Global warming increased U.S. crop insurance losses by $27 billion in 27 years, Stanford study finds
As part of a Center on Food Security and the Environment event, World Bank Country Director for India Junaid Ahmad discussed the political economy of water and managing service delivery in the world’s second most populous country.
Ahmad began his talk with a story about how he first began to understand how people receive water in India. The year was 2000, and he was in Delhi with his friend, the city manager of Johannesburg. His friend noticed that water was being stored in tanks on top of houses and buildings, and was appalled.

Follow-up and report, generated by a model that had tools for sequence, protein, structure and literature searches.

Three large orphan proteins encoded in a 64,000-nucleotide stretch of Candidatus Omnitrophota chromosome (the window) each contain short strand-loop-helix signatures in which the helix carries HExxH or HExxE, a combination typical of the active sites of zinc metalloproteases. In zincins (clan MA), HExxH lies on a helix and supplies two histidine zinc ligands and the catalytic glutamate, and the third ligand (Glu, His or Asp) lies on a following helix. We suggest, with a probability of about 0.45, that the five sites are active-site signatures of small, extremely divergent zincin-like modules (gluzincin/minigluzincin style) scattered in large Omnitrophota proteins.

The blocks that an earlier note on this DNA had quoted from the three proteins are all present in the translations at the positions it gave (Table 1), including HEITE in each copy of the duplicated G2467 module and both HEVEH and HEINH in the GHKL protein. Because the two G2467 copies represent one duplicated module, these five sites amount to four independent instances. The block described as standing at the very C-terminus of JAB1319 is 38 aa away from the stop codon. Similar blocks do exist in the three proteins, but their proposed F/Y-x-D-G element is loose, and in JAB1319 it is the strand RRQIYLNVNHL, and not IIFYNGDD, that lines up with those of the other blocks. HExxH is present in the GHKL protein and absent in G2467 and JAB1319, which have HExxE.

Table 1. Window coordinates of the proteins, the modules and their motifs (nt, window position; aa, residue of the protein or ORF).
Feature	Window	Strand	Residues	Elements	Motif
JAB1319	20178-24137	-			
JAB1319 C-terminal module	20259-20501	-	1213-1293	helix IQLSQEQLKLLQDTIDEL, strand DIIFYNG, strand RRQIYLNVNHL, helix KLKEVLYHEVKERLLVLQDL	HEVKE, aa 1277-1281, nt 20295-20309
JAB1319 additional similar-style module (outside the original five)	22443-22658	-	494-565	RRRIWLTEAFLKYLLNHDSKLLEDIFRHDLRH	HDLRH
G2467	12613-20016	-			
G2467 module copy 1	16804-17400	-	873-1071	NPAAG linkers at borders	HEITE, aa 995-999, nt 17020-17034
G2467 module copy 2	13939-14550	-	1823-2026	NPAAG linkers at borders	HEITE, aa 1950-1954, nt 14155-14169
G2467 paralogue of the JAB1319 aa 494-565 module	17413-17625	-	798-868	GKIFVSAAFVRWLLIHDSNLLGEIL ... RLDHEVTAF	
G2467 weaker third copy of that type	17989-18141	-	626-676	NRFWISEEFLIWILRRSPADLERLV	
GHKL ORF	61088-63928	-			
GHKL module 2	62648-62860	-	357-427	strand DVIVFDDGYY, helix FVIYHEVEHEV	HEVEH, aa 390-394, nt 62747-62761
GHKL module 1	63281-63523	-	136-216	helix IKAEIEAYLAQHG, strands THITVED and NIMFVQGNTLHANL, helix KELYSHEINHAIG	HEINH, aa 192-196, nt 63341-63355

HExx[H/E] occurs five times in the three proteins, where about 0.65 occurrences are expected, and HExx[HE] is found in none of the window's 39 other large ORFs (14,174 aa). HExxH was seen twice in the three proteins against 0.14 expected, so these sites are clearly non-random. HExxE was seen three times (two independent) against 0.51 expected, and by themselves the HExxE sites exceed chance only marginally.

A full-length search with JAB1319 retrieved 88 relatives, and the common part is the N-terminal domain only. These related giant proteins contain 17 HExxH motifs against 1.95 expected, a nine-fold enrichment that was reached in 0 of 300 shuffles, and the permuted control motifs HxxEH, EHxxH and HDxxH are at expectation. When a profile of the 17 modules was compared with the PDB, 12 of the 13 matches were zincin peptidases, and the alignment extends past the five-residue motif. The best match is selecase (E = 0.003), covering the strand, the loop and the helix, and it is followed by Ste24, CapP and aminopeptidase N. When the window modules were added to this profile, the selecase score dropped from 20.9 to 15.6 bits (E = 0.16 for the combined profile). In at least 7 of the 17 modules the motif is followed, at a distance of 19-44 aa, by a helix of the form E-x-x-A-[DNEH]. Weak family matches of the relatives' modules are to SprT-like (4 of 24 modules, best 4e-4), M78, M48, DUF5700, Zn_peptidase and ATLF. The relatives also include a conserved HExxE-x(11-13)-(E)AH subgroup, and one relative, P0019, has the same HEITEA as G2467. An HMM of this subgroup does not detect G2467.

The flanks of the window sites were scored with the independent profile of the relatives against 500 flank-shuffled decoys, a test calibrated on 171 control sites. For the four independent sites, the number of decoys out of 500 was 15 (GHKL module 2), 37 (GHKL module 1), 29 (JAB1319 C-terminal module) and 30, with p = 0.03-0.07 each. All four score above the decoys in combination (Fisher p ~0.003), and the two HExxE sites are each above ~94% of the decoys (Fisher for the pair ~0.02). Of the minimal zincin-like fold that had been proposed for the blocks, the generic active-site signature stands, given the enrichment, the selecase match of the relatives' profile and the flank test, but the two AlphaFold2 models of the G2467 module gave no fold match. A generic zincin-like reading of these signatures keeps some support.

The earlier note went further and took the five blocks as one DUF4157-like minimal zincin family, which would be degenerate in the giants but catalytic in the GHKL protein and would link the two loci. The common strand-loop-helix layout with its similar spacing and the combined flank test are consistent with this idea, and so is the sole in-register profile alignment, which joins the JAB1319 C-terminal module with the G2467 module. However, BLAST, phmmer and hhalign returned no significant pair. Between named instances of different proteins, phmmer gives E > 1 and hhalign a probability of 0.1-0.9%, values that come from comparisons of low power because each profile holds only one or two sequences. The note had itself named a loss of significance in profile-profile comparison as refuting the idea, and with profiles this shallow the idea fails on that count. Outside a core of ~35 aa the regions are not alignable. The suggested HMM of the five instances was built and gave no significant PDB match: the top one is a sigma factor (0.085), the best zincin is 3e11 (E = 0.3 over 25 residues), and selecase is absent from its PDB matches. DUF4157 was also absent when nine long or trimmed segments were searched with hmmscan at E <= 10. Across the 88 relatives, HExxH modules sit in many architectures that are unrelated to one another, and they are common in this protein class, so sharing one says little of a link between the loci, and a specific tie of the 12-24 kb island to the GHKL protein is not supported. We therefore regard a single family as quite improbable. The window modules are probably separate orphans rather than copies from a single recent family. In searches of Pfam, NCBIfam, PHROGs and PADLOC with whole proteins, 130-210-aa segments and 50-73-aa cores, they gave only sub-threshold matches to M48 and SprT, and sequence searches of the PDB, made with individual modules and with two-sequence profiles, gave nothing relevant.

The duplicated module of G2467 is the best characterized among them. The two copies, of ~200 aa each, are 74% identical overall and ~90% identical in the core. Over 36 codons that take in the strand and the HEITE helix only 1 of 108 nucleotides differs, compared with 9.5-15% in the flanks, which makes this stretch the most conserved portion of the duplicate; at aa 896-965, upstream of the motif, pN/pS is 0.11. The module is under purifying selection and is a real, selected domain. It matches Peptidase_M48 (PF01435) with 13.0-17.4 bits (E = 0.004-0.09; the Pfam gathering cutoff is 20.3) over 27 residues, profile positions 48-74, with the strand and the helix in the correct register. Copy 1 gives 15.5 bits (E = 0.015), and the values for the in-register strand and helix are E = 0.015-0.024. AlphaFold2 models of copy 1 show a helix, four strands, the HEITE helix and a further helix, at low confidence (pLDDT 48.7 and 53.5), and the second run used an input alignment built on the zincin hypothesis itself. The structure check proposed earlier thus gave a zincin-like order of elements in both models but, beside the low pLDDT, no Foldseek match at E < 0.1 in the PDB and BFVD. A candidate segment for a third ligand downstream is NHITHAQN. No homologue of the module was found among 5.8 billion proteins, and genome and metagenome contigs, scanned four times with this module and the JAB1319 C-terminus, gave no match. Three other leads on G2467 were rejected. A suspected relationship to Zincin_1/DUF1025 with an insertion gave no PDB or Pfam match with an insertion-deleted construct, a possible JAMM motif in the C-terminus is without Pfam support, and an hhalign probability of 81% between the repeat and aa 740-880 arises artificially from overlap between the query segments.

Agricultural and development economist Christopher B. Barrett, a visiting scholar with the Center on Food Security and the Environment (FSE), gave a lecture at Stanford on food systems advances over the past 50 years that have promoted unprecedented reduction globally in poverty and hunger, averted considerable deforestation, and broadly improved lives, livelihoods and environments in much of the world (watch video here or below).
Each year, thousands of scientists from across the globe come together at the American Geophysical Union (AGU) annual fall meeting to share new findings and research on pressing topics facing our world, including climate change, extreme events, environmental pollution, groundwater resources and more.
Agriculture degrades over 24 million acres of fertile soil every year, raising concerns about meeting the rising global demand for food. But a simple farming practice born from the 1930’s Dust Bowl could provide a solution, according to new Stanford research. The study, published Dec.